Theoretical perspective of Local government By Adnan ul Haq
In the process of decision making, the intensification by the participation of masses and democratization’s process are two essential aspects that defend the local government’s existence. Without local government’s system it is not possible to consider any political system to be complete and entirely democratic.
The two-fold essentialities (purposes) that local government serves are (a) supplying goods and services come under administrative purpose, (b) the representation and the involvement of masses in locating particular public need and objectivity to understand how these needs can be met. The administration and representation at local levels inside the structure of local government is connected and formulated by the process of representatives at local government. For the enhancement of creating a better understanding about the local government’s structure and functions, it is essential to elaborate and define local government and create awareness about local government values and democracy. The importance and the essentiality of local government will be concentrated on by keeping in mind the aspects of local government so that the attentions are drawn towards the distinctive local government’s structure as the fundamental framework of the local government is formed by the local government’s administrative structure where the determination and implementation of public policy take place at local level. Hence the attentions are directed towards the councils’ composition and activities performed by these councils.
Defining a local government:
As an element of decentralization, local government is a result of devolution. Olowu (1988; 12) states: in the context of literature, there are two advances to define the local government. In aspect of comparative studies, under the central government, all those national structures are regarded as central government. In the second approach, the specifics and particular characteristics that determines local government in more circumspect manner. These distinguished features mainly focus on five following aspects: (1) legal personality, (2) localness, (3) effective participation by citizens, (4) extensive budgetary and employing self-sufficiency in regard to bounded control from central authority, and (5) particular powers to execute a variety of functions. These attributes are significant in separating it from the different forms of institutions at local level and furthermore, it makes certain that organizational effectiveness is maintained at a prompt rate.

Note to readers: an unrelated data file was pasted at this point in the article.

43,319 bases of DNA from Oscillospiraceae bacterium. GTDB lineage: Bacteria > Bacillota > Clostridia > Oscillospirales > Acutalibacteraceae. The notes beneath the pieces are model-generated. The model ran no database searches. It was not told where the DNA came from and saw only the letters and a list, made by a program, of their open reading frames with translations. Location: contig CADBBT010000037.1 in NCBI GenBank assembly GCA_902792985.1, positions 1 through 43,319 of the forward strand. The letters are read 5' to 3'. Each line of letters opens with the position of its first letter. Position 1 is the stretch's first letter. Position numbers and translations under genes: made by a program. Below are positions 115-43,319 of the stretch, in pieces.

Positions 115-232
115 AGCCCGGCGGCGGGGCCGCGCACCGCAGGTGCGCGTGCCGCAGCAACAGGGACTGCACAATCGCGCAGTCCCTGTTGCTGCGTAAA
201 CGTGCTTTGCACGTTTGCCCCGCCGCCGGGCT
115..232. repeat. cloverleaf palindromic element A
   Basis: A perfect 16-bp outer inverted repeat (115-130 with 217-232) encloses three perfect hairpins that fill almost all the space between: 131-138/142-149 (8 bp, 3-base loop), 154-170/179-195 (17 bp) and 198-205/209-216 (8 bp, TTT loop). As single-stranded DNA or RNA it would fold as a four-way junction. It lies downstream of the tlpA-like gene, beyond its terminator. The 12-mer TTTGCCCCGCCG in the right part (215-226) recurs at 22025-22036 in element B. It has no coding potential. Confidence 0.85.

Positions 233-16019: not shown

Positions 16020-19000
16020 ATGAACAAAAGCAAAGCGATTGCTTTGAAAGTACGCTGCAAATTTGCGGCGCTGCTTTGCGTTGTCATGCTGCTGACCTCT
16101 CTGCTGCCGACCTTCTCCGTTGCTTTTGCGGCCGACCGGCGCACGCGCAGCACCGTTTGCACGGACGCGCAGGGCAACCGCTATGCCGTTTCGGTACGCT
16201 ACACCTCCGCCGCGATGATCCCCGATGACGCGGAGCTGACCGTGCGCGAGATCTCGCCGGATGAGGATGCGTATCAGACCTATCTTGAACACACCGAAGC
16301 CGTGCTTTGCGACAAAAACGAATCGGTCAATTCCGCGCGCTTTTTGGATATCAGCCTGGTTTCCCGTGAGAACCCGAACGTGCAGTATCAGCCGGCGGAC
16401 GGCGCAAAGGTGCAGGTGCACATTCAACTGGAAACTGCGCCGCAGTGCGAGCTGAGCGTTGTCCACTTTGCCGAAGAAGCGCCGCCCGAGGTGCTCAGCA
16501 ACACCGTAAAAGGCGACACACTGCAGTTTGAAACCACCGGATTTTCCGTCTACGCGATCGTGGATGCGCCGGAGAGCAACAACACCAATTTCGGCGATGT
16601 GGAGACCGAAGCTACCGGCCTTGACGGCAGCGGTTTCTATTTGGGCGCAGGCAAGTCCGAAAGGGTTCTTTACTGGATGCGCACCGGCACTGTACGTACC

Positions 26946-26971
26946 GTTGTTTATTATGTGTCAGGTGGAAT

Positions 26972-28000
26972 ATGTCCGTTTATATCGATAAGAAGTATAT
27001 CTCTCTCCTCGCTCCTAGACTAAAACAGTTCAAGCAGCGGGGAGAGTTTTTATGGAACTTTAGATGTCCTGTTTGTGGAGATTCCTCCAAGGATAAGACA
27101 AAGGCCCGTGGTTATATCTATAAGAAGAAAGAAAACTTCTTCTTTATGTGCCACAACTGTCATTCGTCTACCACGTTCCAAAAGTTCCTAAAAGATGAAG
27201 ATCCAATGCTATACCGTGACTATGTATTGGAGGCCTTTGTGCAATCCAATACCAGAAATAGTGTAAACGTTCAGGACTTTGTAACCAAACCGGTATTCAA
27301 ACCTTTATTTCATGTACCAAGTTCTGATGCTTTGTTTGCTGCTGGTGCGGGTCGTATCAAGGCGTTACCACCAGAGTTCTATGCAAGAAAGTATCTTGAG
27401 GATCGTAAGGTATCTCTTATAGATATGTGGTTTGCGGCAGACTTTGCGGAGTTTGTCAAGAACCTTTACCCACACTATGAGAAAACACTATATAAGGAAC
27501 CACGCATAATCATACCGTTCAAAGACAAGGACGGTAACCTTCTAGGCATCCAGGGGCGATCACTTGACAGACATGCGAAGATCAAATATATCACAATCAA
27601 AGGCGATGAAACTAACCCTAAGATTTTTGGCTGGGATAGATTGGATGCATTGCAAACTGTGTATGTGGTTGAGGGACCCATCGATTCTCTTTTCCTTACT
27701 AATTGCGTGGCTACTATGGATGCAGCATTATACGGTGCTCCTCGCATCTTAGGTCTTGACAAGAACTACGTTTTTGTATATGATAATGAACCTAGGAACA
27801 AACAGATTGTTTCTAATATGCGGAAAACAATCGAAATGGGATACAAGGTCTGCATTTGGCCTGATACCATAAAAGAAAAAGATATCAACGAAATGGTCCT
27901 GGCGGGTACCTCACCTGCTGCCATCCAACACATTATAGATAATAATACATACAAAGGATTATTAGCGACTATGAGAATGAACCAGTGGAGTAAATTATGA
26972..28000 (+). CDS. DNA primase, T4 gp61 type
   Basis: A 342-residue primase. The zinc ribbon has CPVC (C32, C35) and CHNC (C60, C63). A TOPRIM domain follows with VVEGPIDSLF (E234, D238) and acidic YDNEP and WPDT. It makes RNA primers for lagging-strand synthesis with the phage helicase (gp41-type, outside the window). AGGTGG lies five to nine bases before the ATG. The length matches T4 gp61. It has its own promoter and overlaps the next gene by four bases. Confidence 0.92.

Robson (1937: 574) elaborates local government from the perspective of legality as: “In broad categorization, local government may engage the formation of a protective, community that is non sovereign and contains the legal rights and essential institution to articulate its internal associations. The prevalence of authorities at local level with authority to perform without external involvement and control along with the local community’s participation in the administration of its own affairs are assumed in turn of those regulations”.
Local government is defined by Gomme (1987: 1-2) as: